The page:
Mengers, R., Islamic Banking in Europe - the Reintegration of Faith and Economy,5th SLIM Annual Lecture; 15th May 2002, Southwark
 Lewis, M.K./ Algaoud, L.M., Islamic Banking, Cheltenham/Northampton, pp. 180/181
 Daily Star (1.10.2004), Experts say Islamic finance needs regulation, Beirut
[xl] Wilson,R. , Economic Development in the Middle East, p. 117
[xli] Universität Duisburg Essen, Campus Essen:“ICE Hilfen No. 6“; published online: www2.pim.uni-essen.de/ice/download/ice-hilfen-nr.6.pdf
[xlii] United Arab Emirates Civil Transaction Act No. 5 of 1985, translated into English by Whelan,J./ Hall,M., p. 3.1-187; in: Al-Suwaidi, Finance of International Trade in the Gulf
[xliii] Iqbal,Z,/ Mirakhor,A., Islamic Banking, Occasional Paper 49, International Monetary Found
[xliv] Nevertheless it became a common practice of Islamic banks today to ask for this guarantee. Hence, the risk for the banks is limited but the range of action and the rights of disposal of the borrower are also limited very much.
[xlv] Mattes,J.,Ökonomie im Islam; in: BDA – Bundesvereinigung Deutscher Arbeitgeberverbände e.V. (ed.), Kirche und Wirtschaft; available online: http://www.bda-online.de/www/bdaonline.nsf/ID/ImpressumDE?Open
[xlvi] Kazarian, E.G., Islamic Versus Traditional Banking, p. 102
[xlvii] Wilson,R., Saudi Arabia: The Islamic Development Bank´s Role as a Pan-Muslim Agency; in: Wilson,R. (ed.), Islamic Financial Markets
[xlviii] Kazarian, E.G., Islamic Versus Traditional Banking,p.95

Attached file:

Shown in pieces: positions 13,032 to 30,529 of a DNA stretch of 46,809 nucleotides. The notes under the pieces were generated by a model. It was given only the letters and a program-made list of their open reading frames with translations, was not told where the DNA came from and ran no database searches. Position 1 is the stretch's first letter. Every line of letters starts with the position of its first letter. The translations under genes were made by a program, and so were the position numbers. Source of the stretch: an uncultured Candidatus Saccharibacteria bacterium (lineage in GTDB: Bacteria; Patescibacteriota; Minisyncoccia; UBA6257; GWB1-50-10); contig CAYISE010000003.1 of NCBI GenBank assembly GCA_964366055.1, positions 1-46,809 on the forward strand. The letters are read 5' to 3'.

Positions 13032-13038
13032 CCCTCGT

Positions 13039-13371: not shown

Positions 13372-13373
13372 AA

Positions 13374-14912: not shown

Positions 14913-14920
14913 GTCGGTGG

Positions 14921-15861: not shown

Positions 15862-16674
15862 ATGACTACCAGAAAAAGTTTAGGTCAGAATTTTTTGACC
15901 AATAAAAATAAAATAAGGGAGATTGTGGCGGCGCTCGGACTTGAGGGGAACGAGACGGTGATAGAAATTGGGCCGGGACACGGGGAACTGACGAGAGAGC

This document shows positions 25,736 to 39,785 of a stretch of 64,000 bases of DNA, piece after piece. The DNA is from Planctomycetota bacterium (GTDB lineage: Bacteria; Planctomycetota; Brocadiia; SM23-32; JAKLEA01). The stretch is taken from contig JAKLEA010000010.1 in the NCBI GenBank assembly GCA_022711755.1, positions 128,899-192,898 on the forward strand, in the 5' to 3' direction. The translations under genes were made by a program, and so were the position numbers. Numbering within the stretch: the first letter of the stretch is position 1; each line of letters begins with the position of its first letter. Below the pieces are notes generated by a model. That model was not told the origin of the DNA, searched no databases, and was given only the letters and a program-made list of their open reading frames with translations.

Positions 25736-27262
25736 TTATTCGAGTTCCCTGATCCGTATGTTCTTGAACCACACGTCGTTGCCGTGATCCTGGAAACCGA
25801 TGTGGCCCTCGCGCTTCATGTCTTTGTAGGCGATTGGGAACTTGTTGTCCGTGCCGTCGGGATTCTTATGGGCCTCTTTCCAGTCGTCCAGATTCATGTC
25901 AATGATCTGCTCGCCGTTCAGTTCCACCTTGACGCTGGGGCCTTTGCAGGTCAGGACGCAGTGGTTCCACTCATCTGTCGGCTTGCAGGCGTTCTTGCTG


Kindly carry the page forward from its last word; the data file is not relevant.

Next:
[xlix] Kazarian, E.G., Islamic Versus Traditional Banking, Colorado/Oxford, 1993, p. 95
[l] Islamic International Bank for Investment and Development, annual reports, Cairo, pp. 153-155; in: Kazarian, E.G., Islamic Versus Traditional Banking, p. 54
[lii] Interview made by Kazarian, E.G. with the manager of Bank Islam Malaysia Berhad, Dr. Abdul Halim Ismail, 10. August 1986. The opinion of Ismail is also stated in his article: Ismail, A.H.(1986), Islamic banking in Malaysia: Some Issues, Problems and Prospects, an unpublished manuscript, Bank Islam Malaysia Berhard, Kuala Lumpur; in: Kazarian, E.G., Islamic Versus Traditional Banking, p. 54
[liii] Wilson,R., Economical Development in the Middle East,p. 117
[liv] Al-Suwaidi,A., Finance of the International Trade in the Gulf, p. 75
[lv] Al-Omar, F./ Abdel-Haq, M., Islamic Banking, p. 99
[lvi] Al-Harran, S., a proposal for musharaka finance for fishing people in Malaysia, in: Harper, M., Partnership Financing for Small Enterprises, London, and p.46.
[lvii] Akhtar, M.R., Musharaka Financing for Small Enterprises in Pakistan, in: Harper, M., Partnership Financing For Small Enterprises, p.39
[lviii]Lewis, M.K./ Algaoud, L.M., Islamic Banking, p.177
[lx] Kazarian, E.G., Islamic Versus Traditional Banking, pp. 100-106
[lxi] Al/Suwaidi,A., Finance of International Trade in the Gulf, p. 75
[lxii] Aziz,B. et al.., Group-guaranteed lending and saves for Afghan women, in: Harper, M., Partnership Financing For Small Enterprises, p.54
[lxiii] Aktar, M.R., Musharaka Financing for Small Enterprises in Pakistan; in: Harper,M., Partnership Financing For Small Enterprises, p. 40
[lxiv] Aziz,B., et al.., Group-guaranteed lending and saves for Afghan women, in: Harper, M., Partnership Financing For Small Enterprises; in: Harper,M., Partnership Financing For Small Enterprises, p.54